3)  Wilkinson  asks, "How do I know that praying Jabez's prayer will significantly impact you?"  His answer: "Because of my experience and the testimony of hundreds of others around the world with whom I’ve shared these principles. Because, more importantly, the Jabez prayer distills God's powerful will for your future. Finally, because it reveals that your Father longs to give you so much more than you may have ever thought to ask for." 

4)  Wilkinson looks for God to "release something miraculous" in his life. However, chastisement may be miraculous, too, even if it isn't the pleasant "blessing" for which Wilkinson looks.  Such thinking assumes that when something miraculous is not being released in one's life, one is not being blessed. 

5)  Wilkinson draws some erroneous conclusions about ministry:  "When you start asking in earnest—begging—for more influence and responsibility with which to honor Him, God will bring opportunities and people into your path. You can trust Him that He will never send someone to you whom you cannot help by His leading strength." Not true. God sends detractors to try us by fire and to refine our faith. Some may be sent by God so that His Word through us might condemn them for their hard hearts. Wilkinson's careless approach implies that nothing but overtly "good" things will come our way. Tell that to Paul, Peter, and all the saints who have suffered for their faith. 

6)  Wilkinson applies to Jabez's prayer something that is contrary to the teachings of Jesus:  "Think of it this way: Instead of standing near the river's edge, asking for a cup of water to get you through each day, you'll do something unthinkable—you will take the little prayer with the giant prize and jump into the river!" (Emphasis Wilkinson’s.)  But read for yourself what Jesus said (Matthew 6:25-34). When our prayers focus so much on what we can get from God, we must question whether we are praying properly. 

7)  The Jabez prayer asks that God's hand might be upon him. Wilkinson states that this insures God's intervention in difficult situations which we initiate: " As God’s chosen, blessed sons and daughters, we are expected to attempt something large enough that failure is guaranteed … unless God steps in …  With that, we release God's power to accomplish His will and bring Him glory through all those seeming impossibilities." In truth, anyone who jumps out to do something at which he knows he will fail unless God intervenes is tempting God. This is one of the worst pieces of advice one can give. It is one thing to be led by the Spirit of God into areas over which it is impossible to gain the victory without Him. To "jump into the river" expecting God to rescue us in utter foolishness. 

8)  Wilkinson states that our "surrendered need turns into [God's] unlimited opportunity. And He becomes great through you."  Just who is in charge here? God isn't looking for "unlimited opportunity" that we may grant Him though our "surrendered need." The true servant of God is directed by the Holy Spirit, not by his own designs for greatness in serving God.  Nor does God "become great" through us. God is as great as He's going to get. We can do nothing to make Him greater. Such lack of understanding calls into question Wilkinson's qualification to teach anyone anything, let alone how to pray.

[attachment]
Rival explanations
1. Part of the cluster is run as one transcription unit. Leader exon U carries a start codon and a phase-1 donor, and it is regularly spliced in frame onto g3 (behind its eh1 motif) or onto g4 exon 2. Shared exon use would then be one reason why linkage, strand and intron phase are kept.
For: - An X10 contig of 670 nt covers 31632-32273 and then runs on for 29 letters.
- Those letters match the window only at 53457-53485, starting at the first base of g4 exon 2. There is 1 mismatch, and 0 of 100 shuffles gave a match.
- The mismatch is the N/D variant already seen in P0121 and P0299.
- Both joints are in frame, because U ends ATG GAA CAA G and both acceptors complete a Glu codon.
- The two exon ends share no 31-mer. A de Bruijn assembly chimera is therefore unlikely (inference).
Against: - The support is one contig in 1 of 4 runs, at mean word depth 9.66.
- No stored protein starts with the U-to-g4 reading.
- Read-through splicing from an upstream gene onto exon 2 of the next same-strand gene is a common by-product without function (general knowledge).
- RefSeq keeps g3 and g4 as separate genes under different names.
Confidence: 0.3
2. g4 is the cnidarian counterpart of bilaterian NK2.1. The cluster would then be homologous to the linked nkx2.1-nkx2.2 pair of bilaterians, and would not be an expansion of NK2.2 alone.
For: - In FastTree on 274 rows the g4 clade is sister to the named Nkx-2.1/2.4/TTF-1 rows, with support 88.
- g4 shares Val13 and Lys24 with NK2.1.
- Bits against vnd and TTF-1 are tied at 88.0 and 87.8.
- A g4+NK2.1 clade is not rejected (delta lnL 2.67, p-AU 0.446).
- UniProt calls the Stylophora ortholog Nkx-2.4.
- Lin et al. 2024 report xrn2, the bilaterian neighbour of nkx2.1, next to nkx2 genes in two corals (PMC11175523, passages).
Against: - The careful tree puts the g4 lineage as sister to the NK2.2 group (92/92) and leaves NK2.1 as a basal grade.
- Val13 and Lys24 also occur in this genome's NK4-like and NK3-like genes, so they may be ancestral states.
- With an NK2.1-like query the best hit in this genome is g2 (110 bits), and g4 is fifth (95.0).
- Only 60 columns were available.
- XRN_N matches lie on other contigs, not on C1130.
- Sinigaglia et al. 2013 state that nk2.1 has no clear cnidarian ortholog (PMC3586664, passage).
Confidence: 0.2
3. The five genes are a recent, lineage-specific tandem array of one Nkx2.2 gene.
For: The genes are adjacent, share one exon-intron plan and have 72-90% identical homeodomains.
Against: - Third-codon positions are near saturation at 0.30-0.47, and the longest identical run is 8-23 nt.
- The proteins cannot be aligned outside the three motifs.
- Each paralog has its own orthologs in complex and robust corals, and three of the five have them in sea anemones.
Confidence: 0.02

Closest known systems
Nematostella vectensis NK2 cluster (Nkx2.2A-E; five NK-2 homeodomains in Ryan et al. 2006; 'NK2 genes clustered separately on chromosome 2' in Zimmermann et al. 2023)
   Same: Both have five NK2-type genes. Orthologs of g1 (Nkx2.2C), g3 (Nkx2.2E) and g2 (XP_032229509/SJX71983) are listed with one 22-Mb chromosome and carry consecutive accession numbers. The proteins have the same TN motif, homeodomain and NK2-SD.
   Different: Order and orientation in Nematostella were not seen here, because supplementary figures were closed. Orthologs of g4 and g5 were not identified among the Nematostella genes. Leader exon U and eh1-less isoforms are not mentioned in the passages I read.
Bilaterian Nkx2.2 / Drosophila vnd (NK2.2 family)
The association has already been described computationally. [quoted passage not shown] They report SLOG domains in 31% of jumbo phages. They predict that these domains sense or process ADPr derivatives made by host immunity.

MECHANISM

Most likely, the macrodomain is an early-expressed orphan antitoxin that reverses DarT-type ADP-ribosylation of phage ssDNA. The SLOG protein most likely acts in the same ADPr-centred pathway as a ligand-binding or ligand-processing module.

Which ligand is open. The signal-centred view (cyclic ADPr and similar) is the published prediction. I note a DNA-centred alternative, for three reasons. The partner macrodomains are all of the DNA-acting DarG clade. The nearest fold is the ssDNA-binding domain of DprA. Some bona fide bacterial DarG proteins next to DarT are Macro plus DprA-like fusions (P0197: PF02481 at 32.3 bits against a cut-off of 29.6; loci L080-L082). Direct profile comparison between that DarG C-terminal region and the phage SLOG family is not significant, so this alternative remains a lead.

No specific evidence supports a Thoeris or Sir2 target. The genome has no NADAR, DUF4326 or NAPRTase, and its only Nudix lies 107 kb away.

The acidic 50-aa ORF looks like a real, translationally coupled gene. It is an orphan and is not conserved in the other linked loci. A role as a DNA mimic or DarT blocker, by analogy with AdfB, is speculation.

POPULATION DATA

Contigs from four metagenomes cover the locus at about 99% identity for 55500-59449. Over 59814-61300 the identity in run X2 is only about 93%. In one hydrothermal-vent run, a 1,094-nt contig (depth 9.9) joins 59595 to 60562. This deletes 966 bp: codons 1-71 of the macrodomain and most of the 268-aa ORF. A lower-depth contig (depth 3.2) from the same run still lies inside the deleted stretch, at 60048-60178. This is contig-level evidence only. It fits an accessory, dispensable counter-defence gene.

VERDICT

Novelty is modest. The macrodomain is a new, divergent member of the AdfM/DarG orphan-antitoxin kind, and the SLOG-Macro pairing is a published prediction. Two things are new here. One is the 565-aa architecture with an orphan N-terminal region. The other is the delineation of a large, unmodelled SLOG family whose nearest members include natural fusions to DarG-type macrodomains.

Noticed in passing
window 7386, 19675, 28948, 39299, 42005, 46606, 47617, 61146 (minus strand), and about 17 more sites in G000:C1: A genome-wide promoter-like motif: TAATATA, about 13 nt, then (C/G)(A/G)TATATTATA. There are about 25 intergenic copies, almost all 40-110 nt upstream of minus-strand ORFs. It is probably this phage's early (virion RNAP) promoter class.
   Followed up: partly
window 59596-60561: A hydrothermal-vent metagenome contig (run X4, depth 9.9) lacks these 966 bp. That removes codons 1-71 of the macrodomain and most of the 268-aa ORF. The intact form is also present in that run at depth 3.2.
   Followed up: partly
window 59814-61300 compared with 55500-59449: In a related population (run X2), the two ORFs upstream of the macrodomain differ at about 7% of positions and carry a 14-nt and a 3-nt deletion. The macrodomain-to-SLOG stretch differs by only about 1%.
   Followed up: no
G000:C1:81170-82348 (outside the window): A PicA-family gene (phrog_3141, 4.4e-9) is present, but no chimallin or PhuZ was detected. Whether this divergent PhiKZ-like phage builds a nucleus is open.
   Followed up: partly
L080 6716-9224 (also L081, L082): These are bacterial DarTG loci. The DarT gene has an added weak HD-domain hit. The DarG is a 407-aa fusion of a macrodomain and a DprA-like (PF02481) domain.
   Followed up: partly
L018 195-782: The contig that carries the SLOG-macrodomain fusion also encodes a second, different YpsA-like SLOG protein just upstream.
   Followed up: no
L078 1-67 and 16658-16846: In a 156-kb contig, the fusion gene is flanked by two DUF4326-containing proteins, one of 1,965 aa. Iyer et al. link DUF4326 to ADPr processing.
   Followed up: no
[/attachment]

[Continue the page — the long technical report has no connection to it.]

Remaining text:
9)  Wilkinson's lack of understanding is further evidenced when he says, "When we ask for God's mighty presence like Jabez and the early church did, we will also see tremendous results that can be explained only as from the hand of God …  They were known as a community who spent hours and even days in prayer together, waiting upon God and asking for His power (see Acts 2:42-47)."  Take a look at Acts 2:42-47. Where in those verses were they asking for God's power? God's power came at the right time in accordance with the prophecy of Joel 2:28-32. We don't know exactly for what they were praying. So we cannot know that they were asking for "God’s mighty presence." Such conjecture is typical of those who approach the Scriptures with their theological presuppositions. 

10) Jabez prayed for God to keep him from evil in order that it not grieve Him. Here Wilkinson warns the reader not to be complacent, in that the more you do for God, the more Satan will attack you.  Maybe yes; maybe no. This is not an iron-clad given. What Satan does is up to God more than it is up to Satan. No evil can touch us unless God allows it. Some people give Satan credit for more power than he possesses.

11) Wilkinson contends that God will keep us from evil and will protect our "spiritual investment." Yet in spite of his praying the Jabez prayer for thirty years, he has been involved with Promise Keepers from the start. What does that tell us about keeping from evil? 

12) We cannot build a theology of prayer upon one verse of Scripture that merely tells us what someone prayed.  It never ceases to amaze me how men try to tell us how to pray, meditate, and approach God by different means than that offered by the Lord.  Jesus didn't mean we are to pray by rote the prayer He offered as an example. It is a model for prayer. Except for the plea to keep us from evil, it does not model Jabez's prayer.  If Jabez's prayer is meant for all believers, why didn't Jesus just refer His disciples to that Old Testament verse? 

13) Now, not everything Wilkinson has to say is in error. But his little book is little more than spiritual fluff.  It is more anecdotal than Scriptural, supposing that a man's "experience" is to be desired above God's Word. For that matter, if thousands of people follow any rote practice, you can be sure a number of them will come back with good reports. They assume that anything "good" that happens to them after they begin their ritual must be because of the ritual.

[See also a review by Ralph Dettwiler.]
[See also a review by Berit Kjos.]


Biblical Discernment Ministries - Revised 3/2003